To determine the specificity and sensitivity of Zn-DPA 480 compared with the TUNEL technique, the percentage of double labeling of TUNEL and Zn-DPA 480 in the RGC layer was calculated (Table 1). There were no TUNEL-positive cells at 1 and 48 hours after NMDA injection. By 2, 4, and 24 hours, more than 75.5% of TUNEL-positive cells were Zn-DPA 480 positive. As early as 1 hour after NMDA injection, there were a number of Zn-DPA 480–positive cells; however, none of them were labeled by TUNEL. Only 6.9% of Zn-DPA 480–positive cells were TUNEL positive at 2 hours after NMDA injection. At 4 and 24 hours, more than 95.7% of Zn-DPA 480–positive cells were TUNEL positive. No Zn-DPA 480–positive cells were detected in the retina 48 hours after NMDA injection. 
Table 1
 
Specificity and Sensitivity of Zn-DPA Labeling to TUNEL Technique in Rat Retina After Intravitreal Injection of NMDA
Table 1
 
Specificity and Sensitivity of Zn-DPA Labeling to TUNEL Technique in Rat Retina After Intravitreal Injection of NMDA
Time After NMDA Injection, h 1 2 4 24 48
% of TUNEL-positive cells are Zn-DPA positive 75.5 89.9 95.1
% of Zn-DPA–positive cells are TUNEL positive 0  6.9 96.4 95.7
Labeling of RGC Apoptosis by Zn-DPA 480
To verify whether Zn-DPA 480 labeling is specific to RGCs, the retinal sections collected at 24 hours after NMDA injection (peak of DNA fragmentation) were double labeled with RGC makers, such as Rbpms and III β-tubulin, and a Müller cell marker, such as vimentin. Most Zn-DPA 480–positive cells were labeled by Rbpms (Figs. 7A–D) and III β-tubulin (Figs. 7I–L) antibody. Most Zn-DPA 480–positive cells were not labeled by vimentin antibody. Quantitative analysis, as shown in Figure 7M, revealed that approximately 53.1% of Zn-DPA 480–positive cells were III β-tubulin positive, whereas 16.4% of Zn-DPA 480–positive cells were vimentin positive. Notably, at 24 hours after NMDA injection, most Zn-DPA 480–positive cells were labeled by FG, as shown in Figure 8. Quantitative analysis in the whole-mount retinas indicates that 82.7% and 57.8% of Zn-DPA 480–positive cells were FG positive at 4 and 24 hours postinjection, respectively (Table 2). More than 93.1% of FG-positive cells were Zn-DPA 480 positive at both 4 and 24 hours after NMDA injection. Figure 9 confirmed the colocalization of Zn-DPA 480 labeling and TUNEL in RGCs that were prelabeled by FG. In this experiment, the potential of bleed-through artifact, which is a common issue in multiple fluorescent labeling, was carefully considered.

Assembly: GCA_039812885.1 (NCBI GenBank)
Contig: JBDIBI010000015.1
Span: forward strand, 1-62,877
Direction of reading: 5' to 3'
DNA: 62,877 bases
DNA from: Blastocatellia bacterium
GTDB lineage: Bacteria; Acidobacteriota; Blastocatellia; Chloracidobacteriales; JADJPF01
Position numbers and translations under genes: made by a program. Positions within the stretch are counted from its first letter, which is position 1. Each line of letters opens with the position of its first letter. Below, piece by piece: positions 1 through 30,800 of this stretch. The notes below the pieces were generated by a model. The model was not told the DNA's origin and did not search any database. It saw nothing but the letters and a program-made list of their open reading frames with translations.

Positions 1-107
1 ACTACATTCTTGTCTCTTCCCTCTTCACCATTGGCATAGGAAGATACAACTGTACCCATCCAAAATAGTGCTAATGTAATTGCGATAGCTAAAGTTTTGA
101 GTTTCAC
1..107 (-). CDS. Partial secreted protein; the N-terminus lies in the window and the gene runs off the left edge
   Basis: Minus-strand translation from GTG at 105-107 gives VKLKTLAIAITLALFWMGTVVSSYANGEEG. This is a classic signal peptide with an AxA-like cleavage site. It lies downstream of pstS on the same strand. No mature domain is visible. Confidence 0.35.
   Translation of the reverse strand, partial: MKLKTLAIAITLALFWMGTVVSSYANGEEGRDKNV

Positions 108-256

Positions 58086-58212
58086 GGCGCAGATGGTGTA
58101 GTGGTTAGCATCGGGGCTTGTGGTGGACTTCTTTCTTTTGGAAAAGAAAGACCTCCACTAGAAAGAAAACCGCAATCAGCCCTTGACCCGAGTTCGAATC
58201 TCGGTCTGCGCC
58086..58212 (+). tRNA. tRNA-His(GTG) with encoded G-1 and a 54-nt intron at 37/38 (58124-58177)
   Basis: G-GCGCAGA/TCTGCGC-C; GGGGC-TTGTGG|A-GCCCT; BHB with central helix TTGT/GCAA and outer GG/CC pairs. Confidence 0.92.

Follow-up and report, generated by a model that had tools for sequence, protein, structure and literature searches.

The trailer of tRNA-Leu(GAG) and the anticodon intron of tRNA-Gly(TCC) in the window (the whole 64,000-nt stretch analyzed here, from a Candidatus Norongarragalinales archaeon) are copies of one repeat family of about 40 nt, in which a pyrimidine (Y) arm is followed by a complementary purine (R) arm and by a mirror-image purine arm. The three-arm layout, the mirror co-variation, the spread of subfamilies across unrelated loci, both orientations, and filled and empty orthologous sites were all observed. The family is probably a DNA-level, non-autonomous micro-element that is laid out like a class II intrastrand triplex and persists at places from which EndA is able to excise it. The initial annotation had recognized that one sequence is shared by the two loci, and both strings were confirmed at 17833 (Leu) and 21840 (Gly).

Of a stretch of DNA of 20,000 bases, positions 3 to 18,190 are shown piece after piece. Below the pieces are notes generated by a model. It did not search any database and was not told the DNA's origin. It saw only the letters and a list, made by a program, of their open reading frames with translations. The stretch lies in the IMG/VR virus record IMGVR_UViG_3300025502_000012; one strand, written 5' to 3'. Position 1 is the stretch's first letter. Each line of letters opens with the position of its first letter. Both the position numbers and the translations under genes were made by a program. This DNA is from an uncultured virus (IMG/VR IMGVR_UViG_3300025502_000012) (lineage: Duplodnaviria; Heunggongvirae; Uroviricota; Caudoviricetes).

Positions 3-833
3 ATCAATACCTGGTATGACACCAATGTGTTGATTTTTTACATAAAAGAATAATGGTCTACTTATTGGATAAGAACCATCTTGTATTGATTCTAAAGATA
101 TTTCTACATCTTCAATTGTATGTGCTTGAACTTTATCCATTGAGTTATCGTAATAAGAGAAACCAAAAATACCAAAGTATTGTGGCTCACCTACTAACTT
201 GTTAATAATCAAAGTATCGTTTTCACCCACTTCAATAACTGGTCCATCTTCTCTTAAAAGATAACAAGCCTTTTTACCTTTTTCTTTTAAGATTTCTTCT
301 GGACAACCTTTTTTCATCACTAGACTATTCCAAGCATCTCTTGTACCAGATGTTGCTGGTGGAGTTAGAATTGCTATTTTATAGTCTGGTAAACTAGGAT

Figure 7
 
Cellular localization of Zn-DPA 480 in retina at 24 hours after NMDA injection. (AD) Rbpms immunohistochemistry (green = Zn-DPA 480; red = Rbpms; blue = DAPI). There was colocalization of Zn-DPA 480 (A) and Rbpms (B) in the cells in the RGC layer (arrows). Very few Zn-DPA 480–positive cells were noted in the inner part of inner nuclear layer but were Rbpms negative (*). (EH) Vimentin immunohistochemistry (green = Zn-DPA 480; red = vimentin; blue = DAPI). Zn-DPA 480–positive cells (E) were vimentin (F) immuno-negative (double arrowheads). (IL) III β-tubulin immunohistochemistry (green = Zn-DPA 480; red = III β-tubulin; blue = DAPI). Zn-DPA 480–positive cells (I) were III β-tubulin (J) immuno-positive (arrows). (M) Quantitative analysis of Zn-DPA 480 labeling with III β-tubulin and vimentin immunohistochemistry. More than 50% of Zn-DPA 480–positive cells were labeled by a commonly used RGC marker, beta-tubulin, whereas a few Zn-DPA 480–positive cells were labeled by Müller cell marker, vimentin. There was no double labeling of Zn-DPA 480 and III β-tubulin or vimentin in the control (no NMDA) retina (data not shown). n = 4. Error bars: SD.
Figure 7
 
Cellular localization of Zn-DPA 480 in retina at 24 hours after NMDA injection. (AD) Rbpms immunohistochemistry (green = Zn-DPA 480; red = Rbpms; blue = DAPI). There was colocalization of Zn-DPA 480 (A) and Rbpms (B) in the cells in the RGC layer (arrows). Very few Zn-DPA 480–positive cells were noted in the inner part of inner nuclear layer but were Rbpms negative (*). (EH) Vimentin immunohistochemistry (green = Zn-DPA 480; red = vimentin; blue = DAPI). Zn-DPA 480–positive cells (E) were vimentin (F) immuno-negative (double arrowheads). (IL) III β-tubulin immunohistochemistry (green = Zn-DPA 480; red = III β-tubulin; blue = DAPI). Zn-DPA 480–positive cells (I) were III β-tubulin (J) immuno-positive (arrows). (M) Quantitative analysis of Zn-DPA 480 labeling with III β-tubulin and vimentin immunohistochemistry. More than 50% of Zn-DPA 480–positive cells were labeled by a commonly used RGC marker, beta-tubulin, whereas a few Zn-DPA 480–positive cells were labeled by Müller cell marker, vimentin. There was no double labeling of Zn-DPA 480 and III β-tubulin or vimentin in the control (no NMDA) retina (data not shown). n = 4. Error bars: SD.
Figure 8
 
Fluorescent labeling of Zn-DPA 480 on FG prelabeled RGCs. At 24 hours after NMDA injection, there was colocalization of FG and Zn-DPA 480 in the wholemount retina (arrows). The variable intensities of Zn-DPA 480 labeling on FG-labeled cells were noted. No Zn-DPA 480–positive labeling was observed in FG-positive cells after PBS injection (no NMDA).
Figure 8